How the coronavirus outbreak is affecting Mount Pleasant businesses
Despite knowing the closure of his business was imminent, Jim Holton said he could have never fully prepared to shut down Mountain Town Station.
His employees were sent lay-off notices, many of whom he said he knows live paycheck to paycheck. Holton stopped ordering food and gave away what was left to his employees. He halted waste pickup and shut down as much electrical equipment as he could.
Holton is trying to prevent as much financial damage as possible.
“Financially, there’s no way to prepare for something like this,” Holton said. “In the restaurant business, our margins are thin. We can’t stockpile cash.”
With a sudden halt to student life and restaurant operations, this could present many challenges to business owners like Holton.
When Gov. Gretchen Whitmer closed all bars and restaurants at 3 p.m. on March 16 to stop large gatherings and mitigate the spread of the coronavirus, it caused many local businesses scrambling to make adjustments to stay afloat. Shortly after, Whitmer issued a temporary stay-at-home order that also closed all non-essential businesses.
With many businesses only open for takeout until at least April 13, and with most Central Michigan University students gone from Mount Pleasant, it could be a difficult few months for local businesses.
Through his businesses – Mountain Town Station, Summit Smokehouse, Mountain Town Brewery, Camille's Prime and Alma Brewing Company – Holton employs 147 people. While he was able to keep Summit open for takeout, he was forced to close his other businesses.
Holton is currently working on federal loans to keep his businesses running and to have a place where his employees can return to work once the restaurants are reopened.
One of the oldest bars in Mount Pleasant, the Green Spot Pub, also had to shut down. The bar doesn't offer delivery service and chose not to make the transition, owner Mike Faulkner said. Whitmer’s order could not have happened at a worse time for Green Spot. Establishments were ordered to close on the day before St. Patrick’s Day – the pub’s biggest day of the year. While the bar was able to sell all the food prepared for that day, the bar itself was not able to open.
While Faulkner said the closure might not have as much of an effect on his business as others, it will still impact him heavily.
“You still have utilities, insurance and taxes,” Faulkner said. “Those things go on whether you’re open or you’re closed. When you have all of those overheads that you have no way to get rid of and you’re not open, that’s a significant amount of money.”
The Bird Bar & Grill, another long-running Mount Pleasant landmark, also couldn't switch to a takeout service. The sales margin on food for the Bird was too slim to justify doing it, manager Ben Breidenstein said.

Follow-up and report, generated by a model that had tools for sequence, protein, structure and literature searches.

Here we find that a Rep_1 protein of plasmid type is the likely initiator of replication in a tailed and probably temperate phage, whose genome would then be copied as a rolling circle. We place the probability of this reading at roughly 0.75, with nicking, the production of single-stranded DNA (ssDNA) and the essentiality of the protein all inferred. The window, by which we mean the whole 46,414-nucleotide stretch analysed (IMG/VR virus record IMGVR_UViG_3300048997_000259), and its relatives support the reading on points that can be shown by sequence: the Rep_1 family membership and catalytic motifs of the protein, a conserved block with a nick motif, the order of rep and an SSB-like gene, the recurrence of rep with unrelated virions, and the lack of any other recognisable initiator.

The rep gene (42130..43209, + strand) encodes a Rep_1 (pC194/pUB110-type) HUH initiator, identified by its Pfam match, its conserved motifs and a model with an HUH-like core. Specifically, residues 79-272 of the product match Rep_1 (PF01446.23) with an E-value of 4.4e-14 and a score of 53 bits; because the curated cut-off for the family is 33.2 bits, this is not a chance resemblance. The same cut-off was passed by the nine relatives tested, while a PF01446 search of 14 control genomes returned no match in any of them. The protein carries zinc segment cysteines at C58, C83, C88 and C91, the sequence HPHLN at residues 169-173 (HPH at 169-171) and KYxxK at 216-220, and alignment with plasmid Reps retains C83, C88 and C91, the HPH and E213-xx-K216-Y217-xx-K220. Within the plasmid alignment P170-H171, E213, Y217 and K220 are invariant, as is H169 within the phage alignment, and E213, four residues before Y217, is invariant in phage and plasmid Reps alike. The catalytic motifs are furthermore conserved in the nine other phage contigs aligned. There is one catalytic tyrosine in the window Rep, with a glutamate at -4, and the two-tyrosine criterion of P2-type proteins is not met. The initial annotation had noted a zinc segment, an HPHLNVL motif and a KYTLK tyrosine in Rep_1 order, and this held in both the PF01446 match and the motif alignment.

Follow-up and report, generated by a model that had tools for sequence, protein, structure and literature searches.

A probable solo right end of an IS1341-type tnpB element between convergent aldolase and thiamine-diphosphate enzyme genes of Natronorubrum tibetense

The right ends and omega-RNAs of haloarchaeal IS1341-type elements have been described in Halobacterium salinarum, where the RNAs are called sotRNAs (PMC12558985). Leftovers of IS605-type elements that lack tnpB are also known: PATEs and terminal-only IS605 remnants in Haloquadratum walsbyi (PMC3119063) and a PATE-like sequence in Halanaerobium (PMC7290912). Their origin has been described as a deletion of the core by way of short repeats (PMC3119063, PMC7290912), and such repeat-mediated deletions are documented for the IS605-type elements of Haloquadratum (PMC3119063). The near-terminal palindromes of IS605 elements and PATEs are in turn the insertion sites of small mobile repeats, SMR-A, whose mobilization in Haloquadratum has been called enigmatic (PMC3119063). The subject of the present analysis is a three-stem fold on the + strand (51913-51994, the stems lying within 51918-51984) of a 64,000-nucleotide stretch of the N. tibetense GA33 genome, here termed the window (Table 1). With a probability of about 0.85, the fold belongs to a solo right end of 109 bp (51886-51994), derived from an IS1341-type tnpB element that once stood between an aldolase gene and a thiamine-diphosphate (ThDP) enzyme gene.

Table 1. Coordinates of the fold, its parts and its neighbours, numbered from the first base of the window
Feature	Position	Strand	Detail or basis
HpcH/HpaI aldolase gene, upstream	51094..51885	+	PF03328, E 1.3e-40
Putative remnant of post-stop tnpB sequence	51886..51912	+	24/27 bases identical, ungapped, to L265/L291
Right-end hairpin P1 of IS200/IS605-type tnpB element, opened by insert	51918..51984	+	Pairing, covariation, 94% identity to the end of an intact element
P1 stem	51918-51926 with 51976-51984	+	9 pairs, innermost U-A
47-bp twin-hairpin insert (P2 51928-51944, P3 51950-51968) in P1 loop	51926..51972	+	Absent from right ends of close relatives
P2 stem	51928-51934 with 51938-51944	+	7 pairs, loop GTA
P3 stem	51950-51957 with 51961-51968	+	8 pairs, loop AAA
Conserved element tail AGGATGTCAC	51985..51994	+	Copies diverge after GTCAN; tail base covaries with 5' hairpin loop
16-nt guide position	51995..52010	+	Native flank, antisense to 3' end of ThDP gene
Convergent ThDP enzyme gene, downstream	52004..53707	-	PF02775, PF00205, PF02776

Missing out on St. Patrick’s Day sales was also a big financial hit for the Bird.
Other restaurants like Vin Trofeo’s, a newcomer to Downtown Mount Pleasant, were able to continue operating through takeout and delivery. The pizzeria and bar had limited delivery hours before but expanded that service to offset some of the lost bar revenue. The pizzeria has been able to sustain itself with a slight decrease in revenue, Baird said. They’ve had to shorten business hours and tips are being split through the entire business staff.
Restaurants and bars are not the only businesses affected by the coronavirus pandemic. Before the mandatory closure of non-essential businesses, B’s Music Shop responded to the outbreak by “soft closing” the showroom and having customers use hand sanitizer when they come into the store, owner Brian Hansen said. Music lessons moved online through Zoom, a video conference service.
Hansen said his walk-in traffic is typically around 100-200 people each day. That decreased to about 15 per day. About one-third of both his customer base and his staff is CMU students. With students having returned home, he said he is concerned about the future of some Mount Pleasant businesses.
“Everyone’s local business relies on that grind of college students,” Hansen said. “We are Mount Pleasant because of Central Michigan University and – in a similar vein – Soaring Eagle Casino.
“Those two entities being closed are very worrisome.”
Along with bars and restaurants, spas were also closed by Whitmer until April 13. Salon Blu in Downtown Mount Pleasant had half of its business shut down by that order. Owner Terri Ramon said she had to indefinitely lay off half her staff and closed the salon on March 24.
“I feel like we were having a really good year so far,” Ramon said. “It stinks. Now I feel like we’re definitely going to be starting from scratch."
Despite the hardships, many of the business owners are optimistic they can make it through the virus outbreak.
Both the Bird and Mountain Town Station will be taking this time to do cleaning projects, which will give employees at the Bird something to do, Breidenstein said. He’s sure the Bird will open back up once this outbreak passes.
“We’ve been here way too long that it wouldn’t matter what it would take. We would open our doors back up no matter what,” Breidenstein said. “There’s too much history to let that go.”